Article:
Below is a simple account from volunteers who have just spent a week in Calais. Many thanks to Andy for writing this summary.

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Sunday 8th April

We are a big team at the warehouse in Calais today.  There are two minibuses of people from Oxfordshire Refugee Solidarity, plus groups from Southampton, Newham and Utrecht.  So we “do” the biggest settlement in Calais, near the site of the old Jungle.  The refugees are very mixed here, with Afghans, Eritreans, Sudanese, Ethiopians, North Africans and others.  We take the generator and can charge up dozens of phones, as well as serve tea and coffee.  We distribute coats from the back of the transit.  It’s still cold, though spring seems to be coming.


Monday 9th April

We split the team, still with over 40 volunteers.  One group takes food supplies to a small group outside Calais, where a local French woman has a centre where refugees can get a shower and rest, while she supplies hot meals.  The warehouse has a long standing link with her and often supplies food and clothes.  Another group goes to a centre for unaccompanied minors run by a French NGO about an hour from Calais.  The kids have dormitories and some attend school from the centre.  They also have language classes there.  There are 45 there at the moment.  We take games and Easter eggs and spend the afternoon chatting and doing various activities.  A small group goes to the centre in Calais run by Secours Catholique, a French charity which runs various activities for refugees.  The van goes to a settlement of Eritreans on the outskirts of Calais for another distribution of coats, with the tea van and the phone chargers.  We take footballs and Easter eggs.


Tuesday 10th April

Another Calais site is near the ring road, in a disused car park.  The police and the local council have built a wall of boulders to stop the aid agencies distributing to the Afghans who live in the woods around the site.  We get a call saying that the refugees have moved the boulders to re-open the distribution point.  It apparently involved some scaffolding poles and a lot of effort….  We take coats, firewood for cooking fires and food packs for everyone, play football, make tea and charge up the phones.


Wednesday 11th April

Wednesday is Dunkirk day.  The council here is more sympathetic than in Calais.  Since early December refugees have been able to use a gym as a winter shelter, though it is expected to close soon.  One van goes there and takes blankets, clothing, food and games and toys for the kids, who exhaust the volunteers all afternoon.  The other goes to a car park in the woods near a lake, where refugees camp out.  We distribute coats again, with food packs and power packs for phones.  The generator charges phones again.  Here the refugees are mostly Kurdish.  We find ourselves in conversation with two guys who’ve both been in London, showing us pictures on their phones of Westfield in Stratford.  The CRS riot police draw up in a van and demand our papers, refugees and volunteers alike.  They take them off and record all our data.  On the way out, the van is pulled over by CRS and they demand details of the vehicle and driver.  We finish at a very small settlement tucked away in woods nearby, where about a dozen refugees live together.  They make tea for us and we chat about them and talk about the Middle East.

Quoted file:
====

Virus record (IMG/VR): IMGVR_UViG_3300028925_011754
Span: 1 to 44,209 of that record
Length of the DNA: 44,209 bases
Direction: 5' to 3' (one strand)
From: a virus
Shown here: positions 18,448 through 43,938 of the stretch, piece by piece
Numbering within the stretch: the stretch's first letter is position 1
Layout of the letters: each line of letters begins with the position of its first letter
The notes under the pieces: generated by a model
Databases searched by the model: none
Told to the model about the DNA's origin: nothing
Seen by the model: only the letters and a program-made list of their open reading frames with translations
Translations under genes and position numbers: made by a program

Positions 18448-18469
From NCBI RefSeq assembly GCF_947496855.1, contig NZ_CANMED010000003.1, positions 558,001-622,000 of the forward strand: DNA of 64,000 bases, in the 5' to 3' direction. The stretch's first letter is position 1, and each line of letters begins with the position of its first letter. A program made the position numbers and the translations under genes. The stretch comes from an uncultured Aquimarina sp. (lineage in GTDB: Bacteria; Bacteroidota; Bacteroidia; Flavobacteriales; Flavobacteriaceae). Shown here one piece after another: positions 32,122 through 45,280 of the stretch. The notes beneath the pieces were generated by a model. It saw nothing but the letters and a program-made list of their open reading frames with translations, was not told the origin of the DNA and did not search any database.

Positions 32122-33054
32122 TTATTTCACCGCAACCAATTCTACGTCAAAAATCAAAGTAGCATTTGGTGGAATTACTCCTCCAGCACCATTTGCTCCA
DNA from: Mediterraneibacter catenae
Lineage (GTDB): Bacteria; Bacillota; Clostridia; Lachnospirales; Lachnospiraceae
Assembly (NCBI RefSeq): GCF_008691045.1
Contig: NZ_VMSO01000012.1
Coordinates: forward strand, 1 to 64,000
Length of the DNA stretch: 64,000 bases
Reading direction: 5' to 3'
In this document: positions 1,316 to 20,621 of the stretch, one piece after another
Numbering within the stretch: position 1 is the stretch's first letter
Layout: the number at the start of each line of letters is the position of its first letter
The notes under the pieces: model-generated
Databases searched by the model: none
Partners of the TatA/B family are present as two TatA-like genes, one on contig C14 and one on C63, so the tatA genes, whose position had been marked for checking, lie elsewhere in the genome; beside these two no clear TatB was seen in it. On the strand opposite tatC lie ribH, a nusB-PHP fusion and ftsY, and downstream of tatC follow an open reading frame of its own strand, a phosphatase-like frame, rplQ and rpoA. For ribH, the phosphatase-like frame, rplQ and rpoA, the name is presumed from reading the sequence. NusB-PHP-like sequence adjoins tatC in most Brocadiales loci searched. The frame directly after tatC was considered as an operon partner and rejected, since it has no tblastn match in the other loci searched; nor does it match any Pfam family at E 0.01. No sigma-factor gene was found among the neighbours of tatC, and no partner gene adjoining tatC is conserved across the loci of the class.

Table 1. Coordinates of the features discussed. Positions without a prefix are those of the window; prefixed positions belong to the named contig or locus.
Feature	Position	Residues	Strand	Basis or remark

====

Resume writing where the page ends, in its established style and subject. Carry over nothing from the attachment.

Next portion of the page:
Thursday 12th April

First thing in the morning, we get a call from the refugees whose camp we were in last night.  The CRS have destroyed the camp and taken every bit of shelter they had.  This happens on one of the refugee sites every few days.  There have been three clearances in the last week at different settlements.  An emergency run is done to make sure that people at least have sleeping bags and some warm clothes tonight.  The main trip today is to Brussels, which is done every week.  First we go to Belgium Kitchen.  This is a semi-legal squat in two adjacent blocks of flats.  There are about a hundred people, including families, from many different countries.  They’ve cleared the overgrown garden at the back and made an allotment which they’re planting.  We take food for their communal kitchen and specially made packs for women.  They tell us what they need on next week’s visit.  We go on to a park in central Brussels and distribute T shirts and hoodies from the van to mostly African refugees.  A Belgian group brings water and bread.  Late night: we get back to the warehouse at 10.30pm.


Friday April 13th

Today we have a new visit.  A legal centre in Calais has put the Warehouse in touch with a new centre about an hour down the motorway towards Paris.  It’s a centre for asylum seekers in a motel, taken over by the French state and run by two French charities.  They’ve sent us a list of what they need, especially shoes and trousers.  We take games and footballs and spend time with refugees from several different countries.  These have applied for asylum in France.  There are 90 people there.  86 have been refused.  We take food, blankets and jumpers to a small Afghan settlement in waste ground at the edge of Calais on the way back.  A late shift takes more supplies to Dunkirk.


Saturday April14h

New volunteers join us from London South Bank University and from Copenhagen, so we’re back to the biggest site again, with the tea truck, the generator and this time jackets, tarpaulins and phone power packs.  A lorry comes in from Scotland via Cumbria, driven by volunteers who stopped off at local groups to pick up aid.  It’s full to the top, so we unload and start the sorting to get stuff out next week.  Next week has a long trip to Paris taking blankets and sleeping bags to French volunteers to go out there, followed by an even longer journey to the Sudanese refugees in Caen in Normandy, plus Calais and Dunkirk.